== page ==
Searching @ Jefferson Barracks National Cemetery - St Louis, Missouri

About Lingering Memories & Reflections: 

Memories emerge with different triggers. Some reflect moments in time, some in writings and song lyrics, while others are dynamic, spur-of-the-moment thoughts. Then some are associated with significant markers on our timeline.

Memories will cycle me back in time or launch me into tomorrow's.  All the while, I carry my emotional baggage.

New Year's resolutions can take disappointments and transform them into dreams. Memories of my past and the hopes of my future continually churn.  In accordance with my faith, Rebecca, my wife, having chosen to leave this life early, has been reunited with her sister, Ruth, who died at eighty-nine.

Ruth's service flooded my brain with memories. With my in-laws, my son and I shared events of days-gone-by. Our minds filled with joy and moments of sadness.  My thoughts revolved around growing up, marrying, and moving away.

Ruth's memorial took place in Arkansas, Rebecca's homeland. It was there; we married and went on to spend the next three decades together.  My son, Michael, did all the driving that allowed me seven hours of fellowship going and coming.

Ruth's burial was private, in their family plot.

Seventeen years earlier, I had done the same, with Rebecca's ashes. I had my pastor and a friend share the interment. I would do the same thing if I had to do it again. Privacy has unique benefits under these circumstances.

Today, I commonly fall back on memories of the good times, but inevitably that trauma moment intervenes. It was just five words, "Rebecca has taken her life." Instantly our plans and dreams vanished, and anguish consumed me. It would be months before I could consider anything. I just operated on instincts (spur-of-the-moment stuff.)

Following the trip, three females that I met through a suicide support group shared dinner and an evening. One of their husbands came with us but sat quietly on the side. The four of us had spent over three years together every Thursday night. We came to terms with the suicide thing. It again, confirmed the value in shared grief, since everyone will do it in one way or the other.

Together we talked through past struggles and the turmoil of establishing new dreams for the tomorrows. Once, we could never have imagined this. It had been almost a decade for them in the quest to find PEACE after suicide.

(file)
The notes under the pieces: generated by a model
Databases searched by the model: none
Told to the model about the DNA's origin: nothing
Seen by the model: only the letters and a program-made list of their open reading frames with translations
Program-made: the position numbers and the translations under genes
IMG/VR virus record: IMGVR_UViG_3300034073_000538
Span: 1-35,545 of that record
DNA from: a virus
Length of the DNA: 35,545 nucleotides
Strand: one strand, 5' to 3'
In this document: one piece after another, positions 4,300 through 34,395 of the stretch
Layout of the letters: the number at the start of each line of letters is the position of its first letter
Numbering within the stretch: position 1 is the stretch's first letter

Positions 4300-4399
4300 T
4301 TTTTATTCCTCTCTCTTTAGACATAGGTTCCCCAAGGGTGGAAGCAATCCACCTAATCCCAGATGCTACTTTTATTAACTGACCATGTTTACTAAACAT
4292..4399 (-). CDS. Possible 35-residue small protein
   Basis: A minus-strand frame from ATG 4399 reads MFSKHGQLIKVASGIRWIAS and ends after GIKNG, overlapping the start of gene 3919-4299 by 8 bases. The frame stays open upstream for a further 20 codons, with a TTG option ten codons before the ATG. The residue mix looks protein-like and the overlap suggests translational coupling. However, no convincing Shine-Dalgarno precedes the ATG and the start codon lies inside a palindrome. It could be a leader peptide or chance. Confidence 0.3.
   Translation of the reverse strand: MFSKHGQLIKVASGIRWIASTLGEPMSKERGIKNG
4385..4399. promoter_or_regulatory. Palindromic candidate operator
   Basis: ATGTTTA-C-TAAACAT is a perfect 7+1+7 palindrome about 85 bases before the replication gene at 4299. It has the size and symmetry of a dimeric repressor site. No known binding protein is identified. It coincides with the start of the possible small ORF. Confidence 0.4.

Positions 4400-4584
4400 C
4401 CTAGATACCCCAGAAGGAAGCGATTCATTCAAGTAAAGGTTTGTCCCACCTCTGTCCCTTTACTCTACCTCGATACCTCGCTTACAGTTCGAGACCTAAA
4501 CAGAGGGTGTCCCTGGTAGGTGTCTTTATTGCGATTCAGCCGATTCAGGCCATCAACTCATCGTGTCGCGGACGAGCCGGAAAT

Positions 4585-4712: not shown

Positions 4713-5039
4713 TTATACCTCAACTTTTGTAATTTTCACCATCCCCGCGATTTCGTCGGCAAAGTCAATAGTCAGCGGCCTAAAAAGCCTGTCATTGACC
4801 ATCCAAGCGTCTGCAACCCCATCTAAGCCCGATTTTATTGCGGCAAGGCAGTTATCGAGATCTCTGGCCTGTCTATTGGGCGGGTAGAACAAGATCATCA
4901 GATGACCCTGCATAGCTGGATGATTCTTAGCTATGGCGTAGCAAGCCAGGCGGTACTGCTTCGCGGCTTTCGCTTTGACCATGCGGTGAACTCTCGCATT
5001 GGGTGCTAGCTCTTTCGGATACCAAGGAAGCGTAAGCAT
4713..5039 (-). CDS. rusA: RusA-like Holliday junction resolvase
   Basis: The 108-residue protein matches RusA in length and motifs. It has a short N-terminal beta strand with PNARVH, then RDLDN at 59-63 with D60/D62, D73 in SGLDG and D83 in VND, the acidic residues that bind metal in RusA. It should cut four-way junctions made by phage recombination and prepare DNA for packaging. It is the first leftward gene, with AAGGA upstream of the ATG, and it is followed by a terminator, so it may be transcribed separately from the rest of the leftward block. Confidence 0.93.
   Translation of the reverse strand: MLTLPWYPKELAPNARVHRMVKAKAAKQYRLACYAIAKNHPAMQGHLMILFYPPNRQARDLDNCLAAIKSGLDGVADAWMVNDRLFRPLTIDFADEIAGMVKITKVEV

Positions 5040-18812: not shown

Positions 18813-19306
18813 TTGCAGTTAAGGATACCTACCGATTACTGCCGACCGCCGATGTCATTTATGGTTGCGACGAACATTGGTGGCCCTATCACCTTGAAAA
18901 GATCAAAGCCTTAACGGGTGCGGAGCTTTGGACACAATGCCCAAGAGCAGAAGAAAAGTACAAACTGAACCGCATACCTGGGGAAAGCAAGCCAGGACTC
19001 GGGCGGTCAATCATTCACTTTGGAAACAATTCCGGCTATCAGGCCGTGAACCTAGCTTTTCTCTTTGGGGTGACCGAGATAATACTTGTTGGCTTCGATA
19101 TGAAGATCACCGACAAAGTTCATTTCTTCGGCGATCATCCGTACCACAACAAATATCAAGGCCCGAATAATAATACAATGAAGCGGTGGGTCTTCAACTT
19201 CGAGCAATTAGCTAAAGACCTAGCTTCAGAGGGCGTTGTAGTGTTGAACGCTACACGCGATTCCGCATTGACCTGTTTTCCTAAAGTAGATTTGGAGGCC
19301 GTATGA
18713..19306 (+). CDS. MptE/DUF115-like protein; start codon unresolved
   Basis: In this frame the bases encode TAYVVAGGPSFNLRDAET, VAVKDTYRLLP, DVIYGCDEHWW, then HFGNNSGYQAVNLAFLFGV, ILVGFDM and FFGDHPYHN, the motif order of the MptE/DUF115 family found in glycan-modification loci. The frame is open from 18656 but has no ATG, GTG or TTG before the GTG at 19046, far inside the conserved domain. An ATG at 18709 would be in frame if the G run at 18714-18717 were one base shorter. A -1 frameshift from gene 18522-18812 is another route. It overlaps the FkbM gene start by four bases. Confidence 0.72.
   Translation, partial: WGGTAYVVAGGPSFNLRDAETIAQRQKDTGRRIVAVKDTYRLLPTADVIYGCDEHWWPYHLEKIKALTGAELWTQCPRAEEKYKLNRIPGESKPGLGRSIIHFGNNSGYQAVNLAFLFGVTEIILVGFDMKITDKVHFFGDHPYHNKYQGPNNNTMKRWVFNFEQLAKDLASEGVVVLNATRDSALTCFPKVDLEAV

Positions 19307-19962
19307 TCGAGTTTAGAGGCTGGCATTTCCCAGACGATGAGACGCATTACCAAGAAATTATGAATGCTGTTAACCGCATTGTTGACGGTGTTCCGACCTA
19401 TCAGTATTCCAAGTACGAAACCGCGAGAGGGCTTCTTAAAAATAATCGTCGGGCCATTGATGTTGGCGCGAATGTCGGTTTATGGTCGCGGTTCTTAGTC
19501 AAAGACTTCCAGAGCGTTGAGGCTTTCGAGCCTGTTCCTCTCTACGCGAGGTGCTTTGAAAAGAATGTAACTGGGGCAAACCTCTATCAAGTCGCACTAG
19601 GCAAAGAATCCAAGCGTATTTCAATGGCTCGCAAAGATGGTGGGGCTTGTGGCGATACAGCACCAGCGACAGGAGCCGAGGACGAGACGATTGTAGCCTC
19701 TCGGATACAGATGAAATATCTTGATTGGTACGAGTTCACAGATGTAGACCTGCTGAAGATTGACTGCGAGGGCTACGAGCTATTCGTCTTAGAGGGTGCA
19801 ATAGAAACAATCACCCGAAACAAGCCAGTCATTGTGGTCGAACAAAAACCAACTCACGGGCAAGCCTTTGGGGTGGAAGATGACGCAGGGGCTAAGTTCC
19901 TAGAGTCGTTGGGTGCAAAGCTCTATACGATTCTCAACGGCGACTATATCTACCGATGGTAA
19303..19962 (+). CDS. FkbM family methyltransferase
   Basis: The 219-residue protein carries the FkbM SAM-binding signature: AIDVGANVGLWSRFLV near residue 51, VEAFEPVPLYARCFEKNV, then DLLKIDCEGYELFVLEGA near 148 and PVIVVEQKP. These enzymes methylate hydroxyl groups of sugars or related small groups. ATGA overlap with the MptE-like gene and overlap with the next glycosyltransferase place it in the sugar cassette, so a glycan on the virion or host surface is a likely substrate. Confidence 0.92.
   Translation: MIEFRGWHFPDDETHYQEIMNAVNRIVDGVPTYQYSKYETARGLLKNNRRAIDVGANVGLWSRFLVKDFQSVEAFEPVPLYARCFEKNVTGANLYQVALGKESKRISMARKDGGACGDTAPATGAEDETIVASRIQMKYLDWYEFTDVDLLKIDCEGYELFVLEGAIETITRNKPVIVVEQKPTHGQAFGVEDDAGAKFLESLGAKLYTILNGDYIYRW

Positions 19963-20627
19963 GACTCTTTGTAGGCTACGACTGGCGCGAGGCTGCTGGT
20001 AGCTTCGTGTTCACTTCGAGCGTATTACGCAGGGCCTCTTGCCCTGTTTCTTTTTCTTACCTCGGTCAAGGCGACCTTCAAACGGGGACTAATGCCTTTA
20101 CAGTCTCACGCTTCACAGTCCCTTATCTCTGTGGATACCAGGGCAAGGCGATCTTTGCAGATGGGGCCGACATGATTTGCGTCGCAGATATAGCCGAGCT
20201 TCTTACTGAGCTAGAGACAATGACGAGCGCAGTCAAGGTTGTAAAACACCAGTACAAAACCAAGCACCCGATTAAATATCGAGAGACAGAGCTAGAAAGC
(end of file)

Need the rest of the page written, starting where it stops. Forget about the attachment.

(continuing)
For that evening, we could turn off performance mode and be who we are now. That evening exuded relief for us. It takes significant emotional resources to hide out inside, and at the same time, perform outwardly for effect. This process compromises a substantial portion of one's character. It somehow distances you from yourself.

That night was like a pardon from a sentence we were serving. We shared the processes we developed to sorting through our debris, emotions, including how we regained control of ourselves again. The four of us, with no roadmap, had struggled through the aftermath together. I came away with a firmer sense of where I fit into this world.

Part of our conversation involved the perplexity of trying to explain ourselves. Recognizing that our friends expected us to return to the "who we were before." Then moving on to the friends who were unwilling to wade the swamp with us and disappeared, never to return.

The emotional energy was limited in those first years. It took time to realize I could not go through, on an individual basis, the details with everyone interested. My emotional gas tank would run dry.

Everyone grieves and sets priorities differently. Somethings, a survivor, has to let go of, or remain stuck. But from all that chaos, new relationships formed. Many would never have occurred, except for these circumstances.

As I reflect on things today, two decades later, I have invested considerable time trying to help others on the trail behind me. It has been one of those, "I can do this, I should do this," yet "I would rather not be here . . . period." It is an obligation for me, now, considering all the help I was given.

As the years have passed, my hearing has become a handicap. Even with new hearing aids, I am uncomfortable moderating a group by myself. Background noise associated with multiple conversations remains impossible to decipher.

How will 2020 end? I am clueless, maybe next New Year's Eve will provide some clues other than losing weight.

I no longer have grandiose dreams about changing the world regarding suicide. That is a common theme in grief support, contrasted with "just do the next thing." I have resigned myself to this role.

As the years have progressed, meaningful things have continued to appear on the horizon. Finding Peace After Suicide involves many struggles and decisions. No one but survivors can control their chosen path.

We have to step out in faith and stretch beyond our comfort zone. It is about setting realistic goals and recognizing all the hard work it takes to establish a plan along with the motivation to execute that plan. That was once Management 101 for me.

Peace will not mysteriously appear. "Time heals all wounds is a myth. I always think that if I can attain PEACE, well, anyone can. is something I have been remiss in moving ahead on. Finding PEACE is what I hope to help others to do. That is my ultimate goal, along with assisting survivors to "do the next thing," the current task.

FHAS-Lingering Memories and Reflections - V05 - G-edited-01-11-2020